These men immediately sit down, and begin to argue about politics, or atleast they appear to, as each of them are  using more technical words than the last, as if they were having a competition as to who could use words with the greatest amount of syllables in them. 

Right before you fall disinterested, and have their loud conversation blend in with the clatters of the now moving train wheels, you catch one of the possible brothers calling the Baron 'Robert', which seriously makes you doubt his Baron credibility. Surely all Baron's must be name Nicholas, or Carlson, or Peterson or something of the sort? 

With their loud jibber jabber, and the old lady's parcels, and sniffing, ( which you hadn't noticed before she got on the train, { and you thought might be worsened rather than cured, by her dipping her nose into the handkerchief dowsed in some nauseating perfume } )  you again fell into one of your 'moods'.

This mood, was made further unpleasant, by the the unromantic , not- mist fog that rendered your window seat useless, not to mention, it also made it the coldest seat. You closed your eyes, and gradually fell into a fidgety  sleep.

The piercing  train whistle jolts you awake. You awake with your dark cloud still overhead, even though the skies outside have cleared a bit. You get your carpetbag, and wait for a porter to be free, to help with your heavy trunk, ( as the conductor announced your stop  ) 

While you wait, you grumpily brood over your foolish fantasies of inspiration, magic, crime, and adventure what hogwash!

When a porter is finally free, and helps you haul your trunks out, you tip him, and wait for a moment to catch your breath. You do so, and smooth down your dress, and pat your hair when a few things catch your eye. The first- a beautiful little piece of shrubbery on which dew drops from the moist weather glisten on velvet like petals. The second, a glimpse of what, looks likes to be eyes? Eyes peering at you from the shrub, of something too tiny to be human. Eyes that are gone when you tube your own and look again.

The third- a newspaper boy- crying out about - " NEWSPAPER- MU'DERS, AND BU'GLA'Y C'UNFUNDS THE P'LICE!!!  You buy a paper, and read about mysterious murderers that leave no trace, and steal the oddest of things, the police are confounded and are offering rewards for any information.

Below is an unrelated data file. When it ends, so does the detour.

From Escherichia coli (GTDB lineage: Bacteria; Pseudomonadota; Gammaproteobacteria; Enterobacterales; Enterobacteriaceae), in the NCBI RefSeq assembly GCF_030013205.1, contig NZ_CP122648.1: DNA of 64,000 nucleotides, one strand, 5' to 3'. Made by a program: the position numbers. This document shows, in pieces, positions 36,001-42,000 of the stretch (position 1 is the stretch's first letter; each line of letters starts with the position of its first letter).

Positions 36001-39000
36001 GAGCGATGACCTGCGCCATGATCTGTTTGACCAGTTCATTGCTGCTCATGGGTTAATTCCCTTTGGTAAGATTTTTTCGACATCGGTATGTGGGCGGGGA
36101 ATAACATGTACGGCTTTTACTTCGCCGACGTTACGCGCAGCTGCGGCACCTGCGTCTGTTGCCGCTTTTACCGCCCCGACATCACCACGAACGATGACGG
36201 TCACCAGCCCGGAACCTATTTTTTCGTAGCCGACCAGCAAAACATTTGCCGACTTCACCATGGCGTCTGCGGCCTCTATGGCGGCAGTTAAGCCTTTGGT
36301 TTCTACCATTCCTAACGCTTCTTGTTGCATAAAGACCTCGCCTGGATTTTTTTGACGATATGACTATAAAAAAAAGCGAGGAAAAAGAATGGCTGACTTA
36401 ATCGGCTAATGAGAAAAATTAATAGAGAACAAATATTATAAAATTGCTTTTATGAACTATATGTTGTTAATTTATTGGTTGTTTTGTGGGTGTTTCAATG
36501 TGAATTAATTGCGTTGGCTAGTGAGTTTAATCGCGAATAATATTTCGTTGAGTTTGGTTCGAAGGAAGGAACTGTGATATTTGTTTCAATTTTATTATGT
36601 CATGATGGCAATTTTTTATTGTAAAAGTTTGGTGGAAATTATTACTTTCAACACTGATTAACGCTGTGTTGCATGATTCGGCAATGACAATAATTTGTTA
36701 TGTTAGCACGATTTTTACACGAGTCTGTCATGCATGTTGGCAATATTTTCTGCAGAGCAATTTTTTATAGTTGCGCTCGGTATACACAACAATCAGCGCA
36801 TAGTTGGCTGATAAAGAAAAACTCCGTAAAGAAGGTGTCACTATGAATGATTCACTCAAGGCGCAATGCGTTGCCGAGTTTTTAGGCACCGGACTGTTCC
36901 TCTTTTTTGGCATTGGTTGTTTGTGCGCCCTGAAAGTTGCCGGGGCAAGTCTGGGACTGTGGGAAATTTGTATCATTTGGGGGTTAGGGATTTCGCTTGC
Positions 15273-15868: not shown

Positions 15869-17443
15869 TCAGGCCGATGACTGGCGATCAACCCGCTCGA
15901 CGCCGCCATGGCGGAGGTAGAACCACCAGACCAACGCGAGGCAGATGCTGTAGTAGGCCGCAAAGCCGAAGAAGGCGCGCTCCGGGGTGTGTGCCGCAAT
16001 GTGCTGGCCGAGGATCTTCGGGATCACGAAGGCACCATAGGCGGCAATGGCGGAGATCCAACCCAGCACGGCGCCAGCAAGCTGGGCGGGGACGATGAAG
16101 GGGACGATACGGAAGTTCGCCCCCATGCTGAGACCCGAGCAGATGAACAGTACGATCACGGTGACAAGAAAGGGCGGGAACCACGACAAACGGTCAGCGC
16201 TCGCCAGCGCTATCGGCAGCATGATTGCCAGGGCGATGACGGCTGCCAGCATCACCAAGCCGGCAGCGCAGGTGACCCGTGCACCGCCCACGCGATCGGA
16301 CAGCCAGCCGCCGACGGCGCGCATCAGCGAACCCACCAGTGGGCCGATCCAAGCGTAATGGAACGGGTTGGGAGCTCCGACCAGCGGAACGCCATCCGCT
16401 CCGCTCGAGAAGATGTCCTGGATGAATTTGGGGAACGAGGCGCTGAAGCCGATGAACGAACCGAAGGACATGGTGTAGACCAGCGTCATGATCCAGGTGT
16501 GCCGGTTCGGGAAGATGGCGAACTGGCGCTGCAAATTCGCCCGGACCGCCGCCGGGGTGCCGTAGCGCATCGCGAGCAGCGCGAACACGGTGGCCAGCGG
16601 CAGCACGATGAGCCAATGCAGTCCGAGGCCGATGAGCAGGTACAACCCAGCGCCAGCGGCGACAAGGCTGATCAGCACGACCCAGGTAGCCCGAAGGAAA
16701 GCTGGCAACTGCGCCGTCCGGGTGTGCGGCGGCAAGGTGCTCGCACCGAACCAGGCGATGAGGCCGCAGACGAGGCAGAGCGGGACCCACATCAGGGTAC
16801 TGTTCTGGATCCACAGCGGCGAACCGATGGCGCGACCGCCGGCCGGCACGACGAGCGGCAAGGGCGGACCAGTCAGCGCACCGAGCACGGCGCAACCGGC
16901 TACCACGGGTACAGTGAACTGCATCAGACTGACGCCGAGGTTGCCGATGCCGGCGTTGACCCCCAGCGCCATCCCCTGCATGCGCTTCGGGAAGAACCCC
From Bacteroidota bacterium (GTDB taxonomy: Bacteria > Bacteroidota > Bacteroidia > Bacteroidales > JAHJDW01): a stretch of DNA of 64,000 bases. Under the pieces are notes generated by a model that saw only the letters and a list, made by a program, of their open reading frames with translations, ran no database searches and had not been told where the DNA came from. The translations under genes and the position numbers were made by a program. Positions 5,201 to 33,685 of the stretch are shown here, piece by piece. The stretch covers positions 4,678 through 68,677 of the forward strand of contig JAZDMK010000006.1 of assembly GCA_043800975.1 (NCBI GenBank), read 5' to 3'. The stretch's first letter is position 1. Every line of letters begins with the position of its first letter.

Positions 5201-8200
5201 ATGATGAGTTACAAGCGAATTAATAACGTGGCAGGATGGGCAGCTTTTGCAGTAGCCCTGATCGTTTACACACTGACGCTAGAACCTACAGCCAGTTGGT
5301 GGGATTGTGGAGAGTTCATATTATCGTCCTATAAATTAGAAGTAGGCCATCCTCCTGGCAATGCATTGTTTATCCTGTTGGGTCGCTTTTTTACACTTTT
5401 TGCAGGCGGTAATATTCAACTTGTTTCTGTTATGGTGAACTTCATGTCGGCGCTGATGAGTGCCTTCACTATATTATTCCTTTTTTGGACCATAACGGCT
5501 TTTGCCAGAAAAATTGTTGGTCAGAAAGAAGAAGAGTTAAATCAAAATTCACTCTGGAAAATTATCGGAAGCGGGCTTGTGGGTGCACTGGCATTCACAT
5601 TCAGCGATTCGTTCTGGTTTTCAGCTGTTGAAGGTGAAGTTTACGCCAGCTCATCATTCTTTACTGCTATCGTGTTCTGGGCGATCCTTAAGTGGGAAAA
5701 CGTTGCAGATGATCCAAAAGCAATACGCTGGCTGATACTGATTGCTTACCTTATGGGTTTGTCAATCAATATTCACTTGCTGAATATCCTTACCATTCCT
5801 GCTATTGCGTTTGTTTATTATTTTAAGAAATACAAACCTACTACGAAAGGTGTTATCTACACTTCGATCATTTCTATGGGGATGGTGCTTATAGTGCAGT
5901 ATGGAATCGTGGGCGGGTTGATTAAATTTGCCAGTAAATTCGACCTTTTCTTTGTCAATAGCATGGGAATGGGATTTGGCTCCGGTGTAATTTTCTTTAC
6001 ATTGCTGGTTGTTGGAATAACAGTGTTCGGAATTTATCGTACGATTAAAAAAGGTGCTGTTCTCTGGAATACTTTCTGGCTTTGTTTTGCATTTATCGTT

You then look up from reading, only to see a shriveled old, shady looking Coachman , who could probably tell some secrets, waving at you, who's driving a coach that has the crest of your employer on it.

You smile to yourself, and get up, waving back, as you gather your things. Maybe you weren't wrong about the countryside after all! 

 

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10 comments

Helen C
21:20 Jul 01, 2020

I really like how this story takes me back to a romantic past. Very good.

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Khadija S.
22:15 Jul 01, 2020

Thankyou so much! :)

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Batool Hussain
06:53 Jun 30, 2020

A wonderful story, Khadija! I would be happy if you check out my new story when free. Have a great day:)

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Khadija S.
10:34 Jun 30, 2020

Thankyou! I'll be sure to do so.

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Khizra Aslam
08:10 Jun 28, 2020

A good story i must say❤ keep it up girl.. And will you please check out my story "SICK" if you don't mind :)

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Khadija S.
08:45 Jun 28, 2020

Thank you! No problem!

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I. Love
18:41 Jun 26, 2020

I loved the beginning of the story, it somehow felt so nostalgic.

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Khadija S.
21:32 Jun 26, 2020

Thankyou :) I really appreciate it!

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14:09 Jun 26, 2020

GREAT story Khadija! Loved it! I love the way you described every detail written in this story!😊 Keep writing and have a great day Khadija!❤️️

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Khadija S.
15:20 Jun 26, 2020

Thank you so much! You have a nice day as well :).